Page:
Money and prices
In the preceding chapters, we have assumed that intermediaries offer depositors [real] contracts, that is, contracts that are denominated in terms of goods. For example, an intermediary offers its depositors a deposit contract that promises q units of the good if the depositor withdraws at date 1 and c2 units of the good if the depositor withdraws at date 2. In practice, the terms of deposit contracts and debt contracts in general are written in [nominal] terms, that is, they specify payments in terms of money. Economists often justify the substitution of [real] for [nominal] contracts by claiming that money is a [veil] that hides the reality we are interested in, namely, the goods and services that firms produce and individuals consume; but the fact that contracts are written in terms of money has some important implications that are not captured by [real] models. The most important feature of nominal contracts is that changes in the price level (the general level of prices measured in terms of money) change the real value of the contract.
A. C. Pigou was one of the first to point out the impact of the price level on the real value of debt. More precisely, outside money, the part of the money supply that constitutes a claim on the government, represents part of the private sector's net wealth. A fall in the price level by definition increases the real value of outside money and, consequently, increases the private sector's real wealth, that is, its wealth measured in terms of goods and services. This [wealth effect] subsequently came to be known as the [Pigou effect.] Pigou used it to criticize Keynes' argument that a general fall in prices would have no effect on demand for goods and services. Keynes relied on the familiar homogeneity property of demand functions: because demand and supply depend only on relative prices, an equal proportionate change in prices and wages should have no effect on demand and supply. Pigou argued to the contrary that a fall in the general level of prices would increase perceived wealth and that this might lead consumers to demand more goods and services.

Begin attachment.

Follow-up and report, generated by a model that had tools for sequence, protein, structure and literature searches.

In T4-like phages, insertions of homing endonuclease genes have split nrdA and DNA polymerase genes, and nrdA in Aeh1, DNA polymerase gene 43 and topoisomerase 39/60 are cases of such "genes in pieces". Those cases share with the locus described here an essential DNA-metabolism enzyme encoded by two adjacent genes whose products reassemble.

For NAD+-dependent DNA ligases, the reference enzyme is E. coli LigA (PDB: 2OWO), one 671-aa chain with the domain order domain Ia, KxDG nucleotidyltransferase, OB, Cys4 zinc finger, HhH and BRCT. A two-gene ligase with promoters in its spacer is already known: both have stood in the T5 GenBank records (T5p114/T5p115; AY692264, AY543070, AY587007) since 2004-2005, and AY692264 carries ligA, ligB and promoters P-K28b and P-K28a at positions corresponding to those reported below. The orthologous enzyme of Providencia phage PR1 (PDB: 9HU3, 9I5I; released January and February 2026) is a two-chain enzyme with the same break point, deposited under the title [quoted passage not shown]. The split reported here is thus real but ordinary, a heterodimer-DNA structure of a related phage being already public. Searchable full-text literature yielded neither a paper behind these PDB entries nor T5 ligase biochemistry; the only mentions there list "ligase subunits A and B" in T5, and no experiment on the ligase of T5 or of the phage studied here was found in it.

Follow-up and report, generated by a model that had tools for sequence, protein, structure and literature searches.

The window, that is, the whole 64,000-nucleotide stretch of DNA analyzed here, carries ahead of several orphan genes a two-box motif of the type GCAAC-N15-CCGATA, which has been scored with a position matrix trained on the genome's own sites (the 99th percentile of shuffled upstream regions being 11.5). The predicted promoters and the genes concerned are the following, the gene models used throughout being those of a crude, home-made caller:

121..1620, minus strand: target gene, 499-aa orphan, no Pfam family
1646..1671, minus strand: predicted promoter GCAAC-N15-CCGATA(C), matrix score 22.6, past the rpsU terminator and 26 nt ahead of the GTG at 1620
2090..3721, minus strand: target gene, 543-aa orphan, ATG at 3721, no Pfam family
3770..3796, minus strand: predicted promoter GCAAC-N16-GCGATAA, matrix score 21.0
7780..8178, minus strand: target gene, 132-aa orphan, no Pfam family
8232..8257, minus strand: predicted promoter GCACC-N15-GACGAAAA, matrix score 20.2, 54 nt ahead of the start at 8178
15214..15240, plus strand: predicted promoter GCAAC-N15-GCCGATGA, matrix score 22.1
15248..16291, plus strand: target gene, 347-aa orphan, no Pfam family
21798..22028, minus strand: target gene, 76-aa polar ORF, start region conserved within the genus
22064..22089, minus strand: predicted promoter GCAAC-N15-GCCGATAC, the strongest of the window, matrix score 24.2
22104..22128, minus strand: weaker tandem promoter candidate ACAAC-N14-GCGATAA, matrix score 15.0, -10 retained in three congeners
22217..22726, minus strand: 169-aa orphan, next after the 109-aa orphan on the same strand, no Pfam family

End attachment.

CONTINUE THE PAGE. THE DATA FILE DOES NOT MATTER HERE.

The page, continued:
An important element of Pigou's argument was the distinction between inside and outside money. Outside money consists of currency and deposits with the Federal Reserve System, sometimes called the monetary base or highpowered money. Inside money consists of bank deposits and other liabilities of